Set near the snow-prone Sugar Bowl ski resort near Lake Tahoe, this house has to content with snow loads that come with nearly ten feet of pack at a time.

The resulting design is definitely modern, but it recalls railroad avalanche sheds of times passed with a roof tilt designed to shed excessive weight after heavy snows (depositing excess, in this case, behind the home so as not to endanger people entering or exiting or block key doors).

The entire residence is raised up on a concrete plinth to keep it accessible even during deep-snowing winters. The cedar-enclosed first story is wrapped in bright warm wood, enclosing entry, boot, guest and children’s rooms as well as support spaces.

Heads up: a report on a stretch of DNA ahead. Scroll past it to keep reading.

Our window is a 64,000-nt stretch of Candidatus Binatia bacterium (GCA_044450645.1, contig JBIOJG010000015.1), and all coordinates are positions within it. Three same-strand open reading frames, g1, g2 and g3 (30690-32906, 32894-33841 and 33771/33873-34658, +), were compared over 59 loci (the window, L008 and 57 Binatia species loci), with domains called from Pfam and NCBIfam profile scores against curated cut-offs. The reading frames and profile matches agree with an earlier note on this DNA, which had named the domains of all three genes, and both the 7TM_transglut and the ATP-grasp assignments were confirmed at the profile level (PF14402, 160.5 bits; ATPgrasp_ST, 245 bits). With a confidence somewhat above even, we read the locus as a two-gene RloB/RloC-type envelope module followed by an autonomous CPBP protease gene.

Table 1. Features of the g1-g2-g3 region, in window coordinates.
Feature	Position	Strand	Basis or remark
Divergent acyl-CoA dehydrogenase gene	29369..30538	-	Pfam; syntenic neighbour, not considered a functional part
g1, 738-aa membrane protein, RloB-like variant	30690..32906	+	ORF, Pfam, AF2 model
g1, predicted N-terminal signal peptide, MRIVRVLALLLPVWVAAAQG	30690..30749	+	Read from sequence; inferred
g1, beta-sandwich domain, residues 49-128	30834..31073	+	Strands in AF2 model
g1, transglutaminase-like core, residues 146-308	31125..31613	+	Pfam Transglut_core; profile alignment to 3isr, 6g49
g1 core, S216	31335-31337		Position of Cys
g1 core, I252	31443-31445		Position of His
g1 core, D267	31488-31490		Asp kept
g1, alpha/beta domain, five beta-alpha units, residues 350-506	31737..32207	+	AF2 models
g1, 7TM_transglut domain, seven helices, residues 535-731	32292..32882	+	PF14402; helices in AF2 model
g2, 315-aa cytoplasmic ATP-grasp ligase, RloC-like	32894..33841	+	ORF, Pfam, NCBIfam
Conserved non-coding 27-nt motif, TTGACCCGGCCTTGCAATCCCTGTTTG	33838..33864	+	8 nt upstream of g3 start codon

Lower-level windows frame lovely landscape views like pictures, while the second story (containing master bedroom and living room areas) provides all-around lookouts toward the surrounding forest and mountains and features additional woods including walnut and fir.

Not quite minimalist nor really rustic, crisp engineered lines and clean architectural details are found throughout, contrasting nicely with the organic landscapes that stand out on all sides. Design by John Maniscalco Architecture and photography by Matthew Millman.